Wildfires are becoming more and more common. These natural disasters are afflicting numerous forests, with surrounding air quality being severely impacted each time due to wildfire smoke. Many people are familiar with the recent Canadian wildfires from which smoke and debris traveled as far as the Great Lakes region, mid-Atlantic area, and even into parts of Europe during the summer of 2023.
Wildfire smoke in the air can be harmful to human health due to its negative impact on air quality. The smoke can cause symptoms such as coughing, stinging eyes, and headaches. One of the most harmful ways wildfire smoke can impact health is by negatively affecting breathing. People who have heart problems or lung diseases like asthma or chronic obstructive pulmonary disease (COPD) can be particularly sensitive to wildfire smoke inhalation.
Even worse, when the air is filled with wildfire smoke, it can make it more difficult to sleep. This article will explore how wildfire smoke may affect your sleep and what you can do to prevent wildfire smoke from ruining it.
The sleep and health effects of wildfire smoke
Wildfire smoke is a mixture of gas, water vapor, and other fine particles that result from the burning of various substances including vegetation and other materials in the fire’s path. The Centers for Disease Control and Prevention (CDC) reports that wildfire smoke can cause immediate health effects, even for healthy individuals if the smoke is bad enough.
- Trouble breathing
- Stinging eyes
- Scratchy throat
- Runny nose and sinus irritation
- Shortness of breath
- Chest pain
- Fast heartbeat
- Asthma attack
Those with preexisting lung or heart conditions like asthma, COPD, or heart disease may be more susceptible to sickness from breathing in wildfire smoke.
If wildfire smoke is affecting the air quality where you live, you may have trouble sleeping if you experience any of the listed health effects like coughing or trouble breathing.
Additionally, knowing there’s a nearby natural disaster can be stressful. This may cause anxiety, insomnia, and nightmares, all of which are detrimental to good sleep, according to this systematic review.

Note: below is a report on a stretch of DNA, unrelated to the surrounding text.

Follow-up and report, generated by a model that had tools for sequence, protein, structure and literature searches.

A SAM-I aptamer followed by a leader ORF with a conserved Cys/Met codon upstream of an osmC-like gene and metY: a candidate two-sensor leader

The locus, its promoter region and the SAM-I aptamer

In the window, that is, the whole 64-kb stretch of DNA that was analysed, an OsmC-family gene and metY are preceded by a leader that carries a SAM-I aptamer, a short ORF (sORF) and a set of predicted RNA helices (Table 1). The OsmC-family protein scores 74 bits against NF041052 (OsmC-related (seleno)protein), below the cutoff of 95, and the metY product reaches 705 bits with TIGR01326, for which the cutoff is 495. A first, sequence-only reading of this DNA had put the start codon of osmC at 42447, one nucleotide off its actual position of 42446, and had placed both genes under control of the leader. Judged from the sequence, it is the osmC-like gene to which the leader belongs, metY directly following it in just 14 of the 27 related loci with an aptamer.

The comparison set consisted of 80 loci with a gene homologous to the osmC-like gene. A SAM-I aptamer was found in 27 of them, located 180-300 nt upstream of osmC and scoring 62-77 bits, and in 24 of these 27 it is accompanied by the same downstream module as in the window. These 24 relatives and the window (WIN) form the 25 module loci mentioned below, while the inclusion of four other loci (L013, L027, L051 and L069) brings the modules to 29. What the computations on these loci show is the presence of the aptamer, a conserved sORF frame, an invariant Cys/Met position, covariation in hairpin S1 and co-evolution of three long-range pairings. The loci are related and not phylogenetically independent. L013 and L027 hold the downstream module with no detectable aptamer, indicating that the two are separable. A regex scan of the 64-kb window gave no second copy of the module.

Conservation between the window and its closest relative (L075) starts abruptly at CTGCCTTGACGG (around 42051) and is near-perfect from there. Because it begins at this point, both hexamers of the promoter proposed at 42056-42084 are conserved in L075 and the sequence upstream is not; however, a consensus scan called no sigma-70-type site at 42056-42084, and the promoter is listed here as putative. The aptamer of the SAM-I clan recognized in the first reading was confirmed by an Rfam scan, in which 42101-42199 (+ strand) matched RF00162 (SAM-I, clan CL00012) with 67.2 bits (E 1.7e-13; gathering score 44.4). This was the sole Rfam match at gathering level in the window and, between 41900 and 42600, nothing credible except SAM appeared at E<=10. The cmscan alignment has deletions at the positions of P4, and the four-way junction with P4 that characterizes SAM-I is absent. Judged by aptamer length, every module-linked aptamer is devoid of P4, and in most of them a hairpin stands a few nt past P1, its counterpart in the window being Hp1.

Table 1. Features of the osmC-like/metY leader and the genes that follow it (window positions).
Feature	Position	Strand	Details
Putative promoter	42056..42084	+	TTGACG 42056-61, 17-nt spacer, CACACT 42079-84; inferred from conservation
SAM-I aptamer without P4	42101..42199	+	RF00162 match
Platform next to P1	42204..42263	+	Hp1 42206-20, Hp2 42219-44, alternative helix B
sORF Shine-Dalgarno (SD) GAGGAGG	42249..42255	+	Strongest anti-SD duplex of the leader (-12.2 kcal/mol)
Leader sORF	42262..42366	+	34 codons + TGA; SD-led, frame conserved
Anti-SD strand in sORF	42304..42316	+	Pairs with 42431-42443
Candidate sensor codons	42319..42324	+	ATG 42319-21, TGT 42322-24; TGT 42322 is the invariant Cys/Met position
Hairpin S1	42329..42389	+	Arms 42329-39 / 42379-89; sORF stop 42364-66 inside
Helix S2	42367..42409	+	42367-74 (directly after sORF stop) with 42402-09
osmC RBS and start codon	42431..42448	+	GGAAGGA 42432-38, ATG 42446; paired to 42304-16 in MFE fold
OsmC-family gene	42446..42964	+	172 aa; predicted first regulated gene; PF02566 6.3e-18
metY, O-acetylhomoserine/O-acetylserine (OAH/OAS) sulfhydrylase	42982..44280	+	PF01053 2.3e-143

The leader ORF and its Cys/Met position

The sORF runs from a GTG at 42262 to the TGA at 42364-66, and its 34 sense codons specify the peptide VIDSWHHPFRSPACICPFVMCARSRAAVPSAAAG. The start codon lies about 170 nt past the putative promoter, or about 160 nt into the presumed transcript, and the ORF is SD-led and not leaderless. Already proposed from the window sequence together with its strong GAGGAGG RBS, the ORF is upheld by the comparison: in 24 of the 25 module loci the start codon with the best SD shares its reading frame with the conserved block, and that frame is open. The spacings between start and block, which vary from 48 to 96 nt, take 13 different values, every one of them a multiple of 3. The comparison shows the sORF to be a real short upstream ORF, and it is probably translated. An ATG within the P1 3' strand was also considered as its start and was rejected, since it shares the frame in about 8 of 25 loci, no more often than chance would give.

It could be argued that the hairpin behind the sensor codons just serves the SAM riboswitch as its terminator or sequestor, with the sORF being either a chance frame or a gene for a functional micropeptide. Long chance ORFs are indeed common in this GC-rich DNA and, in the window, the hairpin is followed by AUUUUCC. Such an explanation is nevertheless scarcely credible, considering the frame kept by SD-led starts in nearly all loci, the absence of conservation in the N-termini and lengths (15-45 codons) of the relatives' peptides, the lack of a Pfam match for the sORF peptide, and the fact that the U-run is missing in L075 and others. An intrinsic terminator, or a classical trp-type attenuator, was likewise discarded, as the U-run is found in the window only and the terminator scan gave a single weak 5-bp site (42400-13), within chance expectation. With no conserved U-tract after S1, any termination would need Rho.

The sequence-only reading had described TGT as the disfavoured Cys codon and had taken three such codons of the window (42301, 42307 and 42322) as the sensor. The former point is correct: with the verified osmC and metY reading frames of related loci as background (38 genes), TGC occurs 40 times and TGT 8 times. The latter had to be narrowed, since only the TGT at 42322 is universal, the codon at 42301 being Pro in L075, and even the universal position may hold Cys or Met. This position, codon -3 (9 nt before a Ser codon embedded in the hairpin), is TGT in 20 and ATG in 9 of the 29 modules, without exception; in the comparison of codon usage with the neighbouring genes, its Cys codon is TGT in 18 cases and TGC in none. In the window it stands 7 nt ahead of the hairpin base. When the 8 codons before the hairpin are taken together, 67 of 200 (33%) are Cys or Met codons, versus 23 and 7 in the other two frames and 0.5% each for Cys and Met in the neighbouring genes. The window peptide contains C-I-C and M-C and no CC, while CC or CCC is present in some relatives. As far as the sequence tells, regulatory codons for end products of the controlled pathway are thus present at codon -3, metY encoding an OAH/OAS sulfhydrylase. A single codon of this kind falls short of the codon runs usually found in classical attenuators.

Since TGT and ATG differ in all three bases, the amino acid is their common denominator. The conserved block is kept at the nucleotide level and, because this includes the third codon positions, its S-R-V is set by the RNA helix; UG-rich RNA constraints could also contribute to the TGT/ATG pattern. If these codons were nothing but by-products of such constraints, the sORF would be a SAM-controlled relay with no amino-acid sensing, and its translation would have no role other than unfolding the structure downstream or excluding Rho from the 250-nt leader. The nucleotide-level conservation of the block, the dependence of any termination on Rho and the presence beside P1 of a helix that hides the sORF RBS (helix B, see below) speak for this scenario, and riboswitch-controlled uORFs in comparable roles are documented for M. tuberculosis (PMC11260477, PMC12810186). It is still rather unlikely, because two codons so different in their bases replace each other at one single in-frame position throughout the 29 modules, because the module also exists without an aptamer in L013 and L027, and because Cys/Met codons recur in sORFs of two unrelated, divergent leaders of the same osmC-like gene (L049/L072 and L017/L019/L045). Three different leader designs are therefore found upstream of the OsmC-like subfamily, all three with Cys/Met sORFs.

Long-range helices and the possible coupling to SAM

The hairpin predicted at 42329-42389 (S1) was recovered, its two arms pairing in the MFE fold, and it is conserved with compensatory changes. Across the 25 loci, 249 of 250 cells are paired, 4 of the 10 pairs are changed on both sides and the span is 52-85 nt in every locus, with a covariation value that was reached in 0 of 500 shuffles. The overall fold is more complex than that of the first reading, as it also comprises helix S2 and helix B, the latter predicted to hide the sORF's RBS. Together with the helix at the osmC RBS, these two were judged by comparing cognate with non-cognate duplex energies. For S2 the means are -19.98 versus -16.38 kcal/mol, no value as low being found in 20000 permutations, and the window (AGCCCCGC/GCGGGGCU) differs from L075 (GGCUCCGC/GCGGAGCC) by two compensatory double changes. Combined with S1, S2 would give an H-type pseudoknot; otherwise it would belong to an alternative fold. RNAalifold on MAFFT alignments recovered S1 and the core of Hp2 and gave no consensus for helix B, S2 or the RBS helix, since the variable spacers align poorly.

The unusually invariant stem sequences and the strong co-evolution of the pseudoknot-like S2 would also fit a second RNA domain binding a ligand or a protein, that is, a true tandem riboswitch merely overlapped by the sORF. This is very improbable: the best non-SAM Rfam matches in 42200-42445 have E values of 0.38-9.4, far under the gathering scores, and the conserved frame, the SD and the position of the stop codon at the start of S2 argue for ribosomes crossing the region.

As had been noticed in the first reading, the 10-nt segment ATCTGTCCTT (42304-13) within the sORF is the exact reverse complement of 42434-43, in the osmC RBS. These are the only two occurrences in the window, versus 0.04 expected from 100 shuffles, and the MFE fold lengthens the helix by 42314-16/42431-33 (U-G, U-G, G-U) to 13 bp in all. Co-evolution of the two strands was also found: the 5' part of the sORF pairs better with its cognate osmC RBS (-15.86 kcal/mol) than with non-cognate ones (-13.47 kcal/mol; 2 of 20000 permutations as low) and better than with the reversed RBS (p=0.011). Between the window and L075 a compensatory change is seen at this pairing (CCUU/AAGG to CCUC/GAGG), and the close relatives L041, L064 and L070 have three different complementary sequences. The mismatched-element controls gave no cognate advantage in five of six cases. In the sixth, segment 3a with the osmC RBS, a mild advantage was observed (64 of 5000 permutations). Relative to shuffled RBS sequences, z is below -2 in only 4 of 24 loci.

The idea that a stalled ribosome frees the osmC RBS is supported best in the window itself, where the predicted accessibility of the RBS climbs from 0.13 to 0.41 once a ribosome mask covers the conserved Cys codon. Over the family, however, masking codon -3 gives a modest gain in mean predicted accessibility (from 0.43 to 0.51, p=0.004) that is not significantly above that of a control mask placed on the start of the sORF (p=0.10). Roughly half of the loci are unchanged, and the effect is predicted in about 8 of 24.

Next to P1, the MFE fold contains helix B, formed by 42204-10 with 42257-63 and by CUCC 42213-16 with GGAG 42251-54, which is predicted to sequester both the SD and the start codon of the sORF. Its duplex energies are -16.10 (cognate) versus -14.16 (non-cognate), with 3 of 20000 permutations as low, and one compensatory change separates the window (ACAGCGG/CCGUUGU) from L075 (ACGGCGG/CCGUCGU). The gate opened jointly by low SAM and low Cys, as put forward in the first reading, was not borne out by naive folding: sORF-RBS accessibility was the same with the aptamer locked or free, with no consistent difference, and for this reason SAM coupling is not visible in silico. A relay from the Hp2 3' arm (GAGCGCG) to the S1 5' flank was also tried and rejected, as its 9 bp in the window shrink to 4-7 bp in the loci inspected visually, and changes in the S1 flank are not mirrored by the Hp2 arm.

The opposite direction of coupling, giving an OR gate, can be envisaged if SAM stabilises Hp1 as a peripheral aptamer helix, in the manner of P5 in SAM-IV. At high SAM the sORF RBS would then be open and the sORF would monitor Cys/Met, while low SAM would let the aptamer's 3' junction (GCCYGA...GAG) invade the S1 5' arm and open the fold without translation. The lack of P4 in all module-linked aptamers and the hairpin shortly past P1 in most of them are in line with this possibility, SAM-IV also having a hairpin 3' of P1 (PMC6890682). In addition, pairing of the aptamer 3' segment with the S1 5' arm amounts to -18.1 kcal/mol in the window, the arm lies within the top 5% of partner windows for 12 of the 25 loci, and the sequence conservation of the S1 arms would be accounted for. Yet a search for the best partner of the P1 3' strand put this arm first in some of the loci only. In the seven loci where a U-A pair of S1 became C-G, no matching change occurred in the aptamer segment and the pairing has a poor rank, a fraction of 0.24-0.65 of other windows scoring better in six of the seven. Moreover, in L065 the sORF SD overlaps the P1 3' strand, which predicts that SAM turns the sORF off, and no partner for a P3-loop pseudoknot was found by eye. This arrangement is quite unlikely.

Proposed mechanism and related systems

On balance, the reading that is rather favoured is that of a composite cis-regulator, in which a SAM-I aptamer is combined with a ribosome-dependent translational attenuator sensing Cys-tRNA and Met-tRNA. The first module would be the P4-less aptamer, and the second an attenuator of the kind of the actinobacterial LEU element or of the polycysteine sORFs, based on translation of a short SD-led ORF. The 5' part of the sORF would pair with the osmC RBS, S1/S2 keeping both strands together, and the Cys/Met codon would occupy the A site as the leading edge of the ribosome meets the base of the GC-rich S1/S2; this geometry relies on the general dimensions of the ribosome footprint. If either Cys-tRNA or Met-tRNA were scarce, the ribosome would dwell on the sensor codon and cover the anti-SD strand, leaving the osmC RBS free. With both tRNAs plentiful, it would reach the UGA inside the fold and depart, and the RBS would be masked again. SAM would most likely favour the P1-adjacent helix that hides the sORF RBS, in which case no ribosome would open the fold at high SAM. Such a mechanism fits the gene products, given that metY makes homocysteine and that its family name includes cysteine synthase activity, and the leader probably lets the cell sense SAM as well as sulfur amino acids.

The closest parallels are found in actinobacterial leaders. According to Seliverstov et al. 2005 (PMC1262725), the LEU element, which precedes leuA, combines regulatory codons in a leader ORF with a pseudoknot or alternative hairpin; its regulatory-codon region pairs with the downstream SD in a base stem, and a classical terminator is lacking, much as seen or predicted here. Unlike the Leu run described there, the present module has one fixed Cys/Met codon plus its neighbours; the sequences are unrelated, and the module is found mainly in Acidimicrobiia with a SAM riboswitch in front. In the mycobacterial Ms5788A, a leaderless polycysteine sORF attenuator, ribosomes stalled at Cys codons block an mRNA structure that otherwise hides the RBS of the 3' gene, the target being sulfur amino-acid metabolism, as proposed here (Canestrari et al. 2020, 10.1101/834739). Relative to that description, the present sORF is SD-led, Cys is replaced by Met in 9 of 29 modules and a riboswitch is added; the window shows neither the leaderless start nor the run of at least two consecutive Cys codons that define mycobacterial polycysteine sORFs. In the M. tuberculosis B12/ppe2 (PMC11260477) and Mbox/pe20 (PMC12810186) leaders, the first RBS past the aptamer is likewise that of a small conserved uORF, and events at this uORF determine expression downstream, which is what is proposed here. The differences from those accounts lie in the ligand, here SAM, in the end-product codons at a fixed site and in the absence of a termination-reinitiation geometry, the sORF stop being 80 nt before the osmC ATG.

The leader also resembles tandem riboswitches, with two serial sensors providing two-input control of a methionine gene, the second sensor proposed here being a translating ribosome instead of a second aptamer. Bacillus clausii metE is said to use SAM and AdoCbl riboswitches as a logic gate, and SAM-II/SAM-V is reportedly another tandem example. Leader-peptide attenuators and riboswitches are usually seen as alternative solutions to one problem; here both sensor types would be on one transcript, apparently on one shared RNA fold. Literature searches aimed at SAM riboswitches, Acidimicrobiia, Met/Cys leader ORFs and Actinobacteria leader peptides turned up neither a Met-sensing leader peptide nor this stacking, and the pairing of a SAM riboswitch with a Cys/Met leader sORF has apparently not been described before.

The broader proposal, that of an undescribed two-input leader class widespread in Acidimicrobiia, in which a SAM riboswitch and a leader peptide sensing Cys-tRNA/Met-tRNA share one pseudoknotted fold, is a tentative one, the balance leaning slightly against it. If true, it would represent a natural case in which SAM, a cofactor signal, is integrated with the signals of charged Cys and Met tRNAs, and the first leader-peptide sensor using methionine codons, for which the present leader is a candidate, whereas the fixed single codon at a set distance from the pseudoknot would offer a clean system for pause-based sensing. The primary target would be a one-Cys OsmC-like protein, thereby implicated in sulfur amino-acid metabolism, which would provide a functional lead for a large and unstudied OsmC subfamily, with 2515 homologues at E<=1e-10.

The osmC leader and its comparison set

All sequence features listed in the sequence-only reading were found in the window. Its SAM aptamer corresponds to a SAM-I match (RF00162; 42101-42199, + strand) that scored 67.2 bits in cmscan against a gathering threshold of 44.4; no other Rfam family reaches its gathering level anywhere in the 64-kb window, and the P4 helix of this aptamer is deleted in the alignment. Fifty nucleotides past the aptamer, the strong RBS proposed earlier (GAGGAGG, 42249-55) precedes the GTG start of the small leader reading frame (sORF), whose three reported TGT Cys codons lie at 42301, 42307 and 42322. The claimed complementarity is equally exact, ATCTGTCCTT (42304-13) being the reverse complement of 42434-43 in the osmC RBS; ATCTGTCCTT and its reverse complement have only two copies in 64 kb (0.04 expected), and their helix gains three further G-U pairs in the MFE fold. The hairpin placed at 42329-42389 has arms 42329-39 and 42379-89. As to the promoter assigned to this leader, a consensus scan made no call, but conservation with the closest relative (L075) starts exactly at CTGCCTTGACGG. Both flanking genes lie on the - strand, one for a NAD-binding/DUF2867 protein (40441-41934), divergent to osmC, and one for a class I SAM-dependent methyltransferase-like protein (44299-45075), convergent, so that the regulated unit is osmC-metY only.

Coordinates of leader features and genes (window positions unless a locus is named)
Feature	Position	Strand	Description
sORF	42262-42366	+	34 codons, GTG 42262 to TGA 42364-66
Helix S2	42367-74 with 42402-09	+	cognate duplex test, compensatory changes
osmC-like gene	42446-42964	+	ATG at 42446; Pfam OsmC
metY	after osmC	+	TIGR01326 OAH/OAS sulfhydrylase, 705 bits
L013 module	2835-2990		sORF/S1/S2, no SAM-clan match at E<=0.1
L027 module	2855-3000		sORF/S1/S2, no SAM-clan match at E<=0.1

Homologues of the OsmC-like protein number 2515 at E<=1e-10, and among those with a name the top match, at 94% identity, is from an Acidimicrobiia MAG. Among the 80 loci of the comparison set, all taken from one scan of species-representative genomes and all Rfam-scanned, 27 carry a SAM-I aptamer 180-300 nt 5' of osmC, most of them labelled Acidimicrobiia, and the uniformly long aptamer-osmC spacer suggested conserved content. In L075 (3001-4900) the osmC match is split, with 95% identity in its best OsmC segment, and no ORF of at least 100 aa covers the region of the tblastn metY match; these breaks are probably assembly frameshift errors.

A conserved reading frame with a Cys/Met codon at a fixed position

How to sleep better when there’s wildfire smoke
Luckily, according to the U.S. Environmental Protection Agency, there are steps you can take to stay as safe and healthy as possible and ensure your sleep is minimally disrupted if you’re in a wildfire zone.
First, stay inside and keep windows and doors closed. These physical barriers help keep the smoke outside your home, protecting your lungs from the smoke and helping you get better sleep.
Second, use an air filter if possible. A freestanding air filter can help remove damaging smoke particles from the air in your home, allowing you to breathe and sleep better.
Additionally, don’t perform activities that can add to indoor air pollution like burning candles, smoking cigarettes indoors, or lighting fires in fireplaces. This will only add to the smoke from the wildfire. The CDC also recommends against vacuuming since this can stir up particles in the home as well.
Surgical or cloth face masks don’t generally provide any added protection since the particles in wildfire smoke are too small to be effectively blocked by these types of face coverings, so it’s not recommended to wear these.
Although wildfire smoke can impact breathing and cause stress, the above measures should help you in achieving a good night’s sleep even if you find yourself in a wildfire zone.
How long does it take for smoke inhalation to affect you?
Smoke inhalation can affect you immediately, causing coughing, burning or stinging eyes, scratchy throat, and more. If you have lung disease or other chronic respiratory or heart conditions, you may be even more susceptible to the health effects of wildfire smoke.
Can fire smoke make you tired?
Yes. The CDC reports that fatigue is a potential health effect of inhaling wildfire smoke. This may be related to the body’s response to smoke and increased work of breathing and coughing while breathing wildfire smoke.
How do you recover from wildfire smoke?
Luckily, most people recover quickly after being exposed to wildfire smoke. Waiting out the smoke by staying indoors as much as possible will help mitigate any acute effects and help you recover as quickly as possible. If you have concerns over your breathing function, coughing, or wheezing after being exposed to wildfire smoke, it’s a good idea to see a healthcare professional as well.
There are a number of ways climate change can impact your sleep. Next, learn about how climate change can interrupt your sleep and how to deal with it.